U.S. officials pledge sustained response to India's COVID crisis
WASHINGTON (Reuters) -Senior U.S. officials on Tuesday pledged sustained support for India in dealing with its Covid-19 crisis, warning that the country was still at the “front-end” of the crisis.
The White House’s National Security Council coordinator for the Indo-Pacific, Kurt Campbell, told a briefing on the U.S. response that President Joe Biden had told Indian Prime Minister Narendra Modi on a phone call on Monday, “You let me know what you need and we will do it.”
Campbell said helping India respond to the crisis would take a sustained effort and Washington was committed to this.
“We all have to realize that this is not a challenge that is going to resolve the next several days,” he said, adding that addressing the crisis was not only important for people in India, but for the United States, given India’s essential role as global provider of vaccines.
The U.S. State Department’s coordinator for global COVID-19 response, Gayle Smith, added: “We all need to understand that we are still at the front-end of this. This hasn’t peaked yet.”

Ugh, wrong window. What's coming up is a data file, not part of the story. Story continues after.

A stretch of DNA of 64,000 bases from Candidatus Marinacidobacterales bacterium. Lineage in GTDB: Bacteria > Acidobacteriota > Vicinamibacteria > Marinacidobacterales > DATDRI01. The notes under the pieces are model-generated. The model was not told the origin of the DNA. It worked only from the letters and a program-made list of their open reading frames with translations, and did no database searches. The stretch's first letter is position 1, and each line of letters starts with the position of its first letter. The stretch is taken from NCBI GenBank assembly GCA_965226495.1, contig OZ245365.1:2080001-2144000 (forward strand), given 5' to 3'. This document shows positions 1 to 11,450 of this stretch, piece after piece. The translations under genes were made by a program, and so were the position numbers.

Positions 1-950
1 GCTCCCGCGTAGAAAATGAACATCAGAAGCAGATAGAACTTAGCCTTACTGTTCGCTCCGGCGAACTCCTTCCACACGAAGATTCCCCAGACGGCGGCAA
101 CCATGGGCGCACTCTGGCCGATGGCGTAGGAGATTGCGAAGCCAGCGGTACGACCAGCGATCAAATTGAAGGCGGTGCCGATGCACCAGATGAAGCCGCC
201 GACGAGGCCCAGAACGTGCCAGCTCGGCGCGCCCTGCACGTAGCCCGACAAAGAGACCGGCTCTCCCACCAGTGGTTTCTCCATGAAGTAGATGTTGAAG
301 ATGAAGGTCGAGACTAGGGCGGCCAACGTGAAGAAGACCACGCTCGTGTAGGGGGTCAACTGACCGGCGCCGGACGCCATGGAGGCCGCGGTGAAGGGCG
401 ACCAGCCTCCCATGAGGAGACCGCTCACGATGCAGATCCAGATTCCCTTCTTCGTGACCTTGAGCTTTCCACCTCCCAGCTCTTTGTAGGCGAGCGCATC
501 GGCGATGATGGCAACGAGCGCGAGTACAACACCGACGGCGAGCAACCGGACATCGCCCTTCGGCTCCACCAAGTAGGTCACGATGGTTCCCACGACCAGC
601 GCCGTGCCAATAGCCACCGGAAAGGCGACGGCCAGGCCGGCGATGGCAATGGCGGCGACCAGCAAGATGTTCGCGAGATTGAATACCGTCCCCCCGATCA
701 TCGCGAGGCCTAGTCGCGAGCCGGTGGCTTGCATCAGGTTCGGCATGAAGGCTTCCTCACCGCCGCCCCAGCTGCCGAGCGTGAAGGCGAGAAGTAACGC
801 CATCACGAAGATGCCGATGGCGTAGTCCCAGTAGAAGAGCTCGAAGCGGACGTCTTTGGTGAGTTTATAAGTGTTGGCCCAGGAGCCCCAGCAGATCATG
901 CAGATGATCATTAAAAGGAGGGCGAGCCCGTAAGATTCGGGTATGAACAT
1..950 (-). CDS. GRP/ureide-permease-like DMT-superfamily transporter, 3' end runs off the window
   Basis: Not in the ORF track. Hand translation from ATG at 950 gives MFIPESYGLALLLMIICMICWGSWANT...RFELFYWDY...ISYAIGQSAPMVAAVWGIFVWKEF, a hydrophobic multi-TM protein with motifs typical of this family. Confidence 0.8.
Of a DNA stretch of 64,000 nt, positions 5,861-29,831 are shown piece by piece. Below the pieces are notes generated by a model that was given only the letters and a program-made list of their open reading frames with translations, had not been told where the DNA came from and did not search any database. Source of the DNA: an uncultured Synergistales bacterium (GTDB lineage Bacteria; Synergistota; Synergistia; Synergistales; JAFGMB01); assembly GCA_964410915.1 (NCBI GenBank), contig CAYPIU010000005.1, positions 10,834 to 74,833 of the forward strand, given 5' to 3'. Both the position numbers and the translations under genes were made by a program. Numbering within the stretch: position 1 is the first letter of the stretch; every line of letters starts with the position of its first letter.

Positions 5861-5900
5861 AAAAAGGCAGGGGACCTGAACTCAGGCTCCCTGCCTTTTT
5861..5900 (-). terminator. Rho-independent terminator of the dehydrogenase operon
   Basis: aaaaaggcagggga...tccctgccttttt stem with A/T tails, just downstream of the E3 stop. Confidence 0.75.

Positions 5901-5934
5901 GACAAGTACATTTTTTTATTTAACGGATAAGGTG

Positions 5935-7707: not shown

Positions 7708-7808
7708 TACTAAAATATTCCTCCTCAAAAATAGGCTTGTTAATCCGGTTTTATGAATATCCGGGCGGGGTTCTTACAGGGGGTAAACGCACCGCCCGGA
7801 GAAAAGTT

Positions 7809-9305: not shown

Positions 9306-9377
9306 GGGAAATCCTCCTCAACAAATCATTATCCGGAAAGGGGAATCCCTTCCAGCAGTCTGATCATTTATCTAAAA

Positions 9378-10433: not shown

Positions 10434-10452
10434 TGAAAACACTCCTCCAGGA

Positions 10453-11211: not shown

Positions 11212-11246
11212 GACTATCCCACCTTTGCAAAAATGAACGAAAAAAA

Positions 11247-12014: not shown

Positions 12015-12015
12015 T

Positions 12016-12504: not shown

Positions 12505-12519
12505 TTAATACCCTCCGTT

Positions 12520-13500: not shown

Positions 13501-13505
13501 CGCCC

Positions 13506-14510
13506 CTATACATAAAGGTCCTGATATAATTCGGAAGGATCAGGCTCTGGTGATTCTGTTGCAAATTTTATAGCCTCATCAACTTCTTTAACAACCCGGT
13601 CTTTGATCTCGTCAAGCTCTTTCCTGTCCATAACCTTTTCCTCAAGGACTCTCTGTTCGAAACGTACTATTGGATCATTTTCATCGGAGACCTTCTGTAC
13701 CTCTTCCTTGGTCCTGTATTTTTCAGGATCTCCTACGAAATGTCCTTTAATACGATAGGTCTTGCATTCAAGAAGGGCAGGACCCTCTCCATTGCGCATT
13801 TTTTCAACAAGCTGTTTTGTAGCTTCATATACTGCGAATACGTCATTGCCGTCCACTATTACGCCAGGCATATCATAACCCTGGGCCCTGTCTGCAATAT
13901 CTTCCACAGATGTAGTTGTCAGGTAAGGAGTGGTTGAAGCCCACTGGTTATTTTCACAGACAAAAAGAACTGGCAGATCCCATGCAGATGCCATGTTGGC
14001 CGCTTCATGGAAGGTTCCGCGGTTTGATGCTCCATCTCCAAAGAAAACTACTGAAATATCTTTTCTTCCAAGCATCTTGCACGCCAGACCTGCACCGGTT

“So this is going to require determination … we’re going to work really hard for some time, but we’re confident we can do it,” she said. “We anticipate that at the height of this kind of complex emergency, it’s going to be very fluid for a while as things fall into place. We are collectively going to have to be very agile and very nimble.”
Jeremy Konyndyk, the global COVID-19 adviser for USAID said the agency was concerned about the situation in countries in the same region as India and wanted to support both India’s capacity to get the situation under control and the wider region.
He said the United States was providing some badly needed raw materials to the Serum Institute of India to allow it to scale up the production of the AstraZeneca vaccine in India.
With India’s death toll from COVID-19 racing towards the 200,000-mark, medical supplies from across the world are being flown into the country to help overburdened hospitals struggling with a severe shortage of life-saving oxygen and drugs.
Nations including Britain, Germany and the United States have pledged support, while the World Health Organization said it was working to deliver 4,000 oxygen concentrators, calling the situation in India “beyond heartbreaking”.
Two Indian government sources told Reuters earlier on Tuesday India expects to secure the biggest chunk of the 60 million AstraZeneca COVID-19 vaccine doses the United States will share globally.
Source: Read Full Article